THEODORE ROOSEVELT was born in 1858 and died in 1919. So we can think of the Roosevelt era as running from the Civil War through World War I. David McCullough's previous books (on the Johnstown Flood, on the Brooklyn Bridge, and The Path Between the Seas , on the Panama Canal) have dealt with large events of that era. He sees TR as another kind of wonder; and Roosevelt's well-known isthmian hustling was indeed once summed up in a neat palindrome -- "A man, a plan, a canal, Panama."

McCullough has thus arrived at TR biography by a logical progression. He explains that his historian's interest has centered on acts of creation or formation. His prticular concern accordingly is with the evolution of TR's character during adolescence and early manhood. The story of Mornings on Horseback (a title of no particular significance, just a nice phrase) close in 1886, by which point Roosevelt was set on course In 1886 TR came back East from his interlude as a Dakota ranchman, ran enterprisingly through unsuccessfully in New York City's mayoral election, and got married for the second and final time.

Such an approach seems sound. "The child is father to the man," in Wordsworth's aphorism; and Erik Erikson is among the psycho-historians who argue the importance of the individual identity crisis associated with teen-age life. TR in fact almost demands treatment of this sort. Comment on him invariably emphasizes the notion that he is young in heart. Admirers call him "boyish" or "youthful," critics condemn him as "immature" and even "infantile." In one view he is active, a constructive doer; in the other TR is restless, frenetic, a destructive brat.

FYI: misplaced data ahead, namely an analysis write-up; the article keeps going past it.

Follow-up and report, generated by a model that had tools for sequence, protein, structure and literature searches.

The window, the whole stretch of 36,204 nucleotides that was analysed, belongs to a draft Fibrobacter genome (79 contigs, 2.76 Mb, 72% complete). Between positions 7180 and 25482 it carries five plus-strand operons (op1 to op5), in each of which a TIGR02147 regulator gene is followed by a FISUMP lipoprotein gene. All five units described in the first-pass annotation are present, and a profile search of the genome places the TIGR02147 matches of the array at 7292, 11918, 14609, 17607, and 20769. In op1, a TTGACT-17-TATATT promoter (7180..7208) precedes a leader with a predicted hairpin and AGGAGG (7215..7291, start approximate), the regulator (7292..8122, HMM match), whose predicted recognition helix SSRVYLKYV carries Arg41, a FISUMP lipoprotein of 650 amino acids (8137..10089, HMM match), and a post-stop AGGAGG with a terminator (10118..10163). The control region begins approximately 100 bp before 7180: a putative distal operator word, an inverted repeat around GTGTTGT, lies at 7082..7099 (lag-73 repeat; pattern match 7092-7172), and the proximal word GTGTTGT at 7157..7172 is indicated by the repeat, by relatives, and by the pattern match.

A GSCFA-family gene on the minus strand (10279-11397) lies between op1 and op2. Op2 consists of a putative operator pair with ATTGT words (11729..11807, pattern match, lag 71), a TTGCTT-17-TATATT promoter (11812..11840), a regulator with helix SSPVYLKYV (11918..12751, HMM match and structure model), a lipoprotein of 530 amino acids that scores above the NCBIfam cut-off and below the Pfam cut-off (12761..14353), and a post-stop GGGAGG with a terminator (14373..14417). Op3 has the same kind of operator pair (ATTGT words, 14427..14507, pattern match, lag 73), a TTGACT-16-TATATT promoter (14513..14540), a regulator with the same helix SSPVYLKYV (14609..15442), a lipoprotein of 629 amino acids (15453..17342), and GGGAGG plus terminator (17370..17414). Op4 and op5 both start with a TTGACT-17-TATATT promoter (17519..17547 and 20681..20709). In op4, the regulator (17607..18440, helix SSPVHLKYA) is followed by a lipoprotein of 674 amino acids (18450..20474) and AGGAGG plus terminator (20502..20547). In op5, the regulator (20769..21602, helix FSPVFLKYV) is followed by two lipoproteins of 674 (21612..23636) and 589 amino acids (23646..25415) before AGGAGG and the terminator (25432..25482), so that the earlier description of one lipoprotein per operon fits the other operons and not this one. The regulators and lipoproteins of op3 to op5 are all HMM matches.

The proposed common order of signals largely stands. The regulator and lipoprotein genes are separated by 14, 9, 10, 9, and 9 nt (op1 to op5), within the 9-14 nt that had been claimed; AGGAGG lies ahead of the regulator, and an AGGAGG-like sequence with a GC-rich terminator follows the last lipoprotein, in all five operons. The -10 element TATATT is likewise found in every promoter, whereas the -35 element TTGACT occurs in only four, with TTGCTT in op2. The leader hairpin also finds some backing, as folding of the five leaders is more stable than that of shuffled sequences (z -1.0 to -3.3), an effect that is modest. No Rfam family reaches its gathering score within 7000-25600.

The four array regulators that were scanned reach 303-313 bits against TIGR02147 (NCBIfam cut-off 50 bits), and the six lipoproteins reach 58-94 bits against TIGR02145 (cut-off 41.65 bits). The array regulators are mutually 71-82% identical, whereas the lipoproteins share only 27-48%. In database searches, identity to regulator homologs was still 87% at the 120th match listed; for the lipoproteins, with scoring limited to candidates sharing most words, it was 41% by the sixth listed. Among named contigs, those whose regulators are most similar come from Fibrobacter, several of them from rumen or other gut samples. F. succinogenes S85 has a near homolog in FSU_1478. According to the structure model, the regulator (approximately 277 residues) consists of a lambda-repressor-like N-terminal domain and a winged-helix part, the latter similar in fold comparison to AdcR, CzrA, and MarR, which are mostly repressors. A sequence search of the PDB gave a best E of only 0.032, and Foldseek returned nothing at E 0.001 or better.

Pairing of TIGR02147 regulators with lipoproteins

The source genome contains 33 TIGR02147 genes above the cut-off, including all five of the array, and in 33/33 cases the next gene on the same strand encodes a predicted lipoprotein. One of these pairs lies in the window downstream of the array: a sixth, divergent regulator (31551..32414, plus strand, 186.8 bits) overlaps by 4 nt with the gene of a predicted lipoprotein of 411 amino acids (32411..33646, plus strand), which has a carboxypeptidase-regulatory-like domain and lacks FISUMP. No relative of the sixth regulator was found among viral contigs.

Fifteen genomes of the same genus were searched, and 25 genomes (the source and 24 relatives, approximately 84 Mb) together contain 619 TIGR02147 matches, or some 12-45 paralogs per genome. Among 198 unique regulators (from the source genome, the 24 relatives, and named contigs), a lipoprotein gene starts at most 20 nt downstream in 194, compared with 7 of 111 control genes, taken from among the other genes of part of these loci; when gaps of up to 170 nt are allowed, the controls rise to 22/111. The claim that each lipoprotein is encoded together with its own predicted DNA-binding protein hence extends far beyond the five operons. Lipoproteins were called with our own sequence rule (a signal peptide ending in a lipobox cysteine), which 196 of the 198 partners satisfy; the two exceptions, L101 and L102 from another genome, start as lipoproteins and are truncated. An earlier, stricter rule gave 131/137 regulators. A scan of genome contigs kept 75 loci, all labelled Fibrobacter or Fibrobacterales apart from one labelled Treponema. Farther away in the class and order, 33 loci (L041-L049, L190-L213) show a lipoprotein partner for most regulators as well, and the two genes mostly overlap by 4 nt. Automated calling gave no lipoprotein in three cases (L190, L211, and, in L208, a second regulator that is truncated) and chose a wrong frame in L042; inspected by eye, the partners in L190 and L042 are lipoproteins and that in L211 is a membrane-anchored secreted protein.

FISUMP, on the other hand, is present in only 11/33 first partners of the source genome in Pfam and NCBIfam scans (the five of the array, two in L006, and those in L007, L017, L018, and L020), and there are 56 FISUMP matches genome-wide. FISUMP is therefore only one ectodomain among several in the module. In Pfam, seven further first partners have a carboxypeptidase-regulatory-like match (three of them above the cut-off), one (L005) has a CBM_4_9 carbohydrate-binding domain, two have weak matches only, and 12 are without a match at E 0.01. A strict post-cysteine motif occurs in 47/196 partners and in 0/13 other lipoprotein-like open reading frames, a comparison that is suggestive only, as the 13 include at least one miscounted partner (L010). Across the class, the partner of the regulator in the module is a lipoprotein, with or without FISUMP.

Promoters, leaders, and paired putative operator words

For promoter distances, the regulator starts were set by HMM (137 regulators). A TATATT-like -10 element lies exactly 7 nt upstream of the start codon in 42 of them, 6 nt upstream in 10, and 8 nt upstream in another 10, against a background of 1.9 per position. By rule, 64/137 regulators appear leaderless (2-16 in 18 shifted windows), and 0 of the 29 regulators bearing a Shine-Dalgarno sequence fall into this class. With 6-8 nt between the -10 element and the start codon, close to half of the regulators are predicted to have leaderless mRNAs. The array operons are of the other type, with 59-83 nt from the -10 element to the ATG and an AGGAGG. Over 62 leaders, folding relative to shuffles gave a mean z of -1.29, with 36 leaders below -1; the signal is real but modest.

David McCullough brings considerable gifts to the task of explicating TR. The "Teedie" of the family nickname porvides rich material for historical psychologizing. He adores his parents and his elder brother Elliott (the father of Eleanor Roosevelt), and is adored by his two sisters as well as by his mother and father. His mother is a Southern belle, whose brothers fight resourcefully for the Confederacy. His father Theodore Sr. -- rich, intelligent, warmhearted -- hires a substitute; for him the Civil War is a civilian war. Teedie is a puny child, educated by tutors until he becomes a freshman at Harvard. His thoughtful, dominant father dies while TR is still an undergraduate. TR can start his junior year by dropping the ignominious "Jr." from his name. Soon he is the recipient of an income well above that of Harvard's President Charles Eliot, and spending his inherited wealth like a millionaire dandy. Young Roosevelt, clubman, socialite, athlete, likewise loses no time in getting engaged. He is married at 21, to a Boston heiress. Horribly and unexpectedly, his wife and mother die on the same day, of unrelated causes.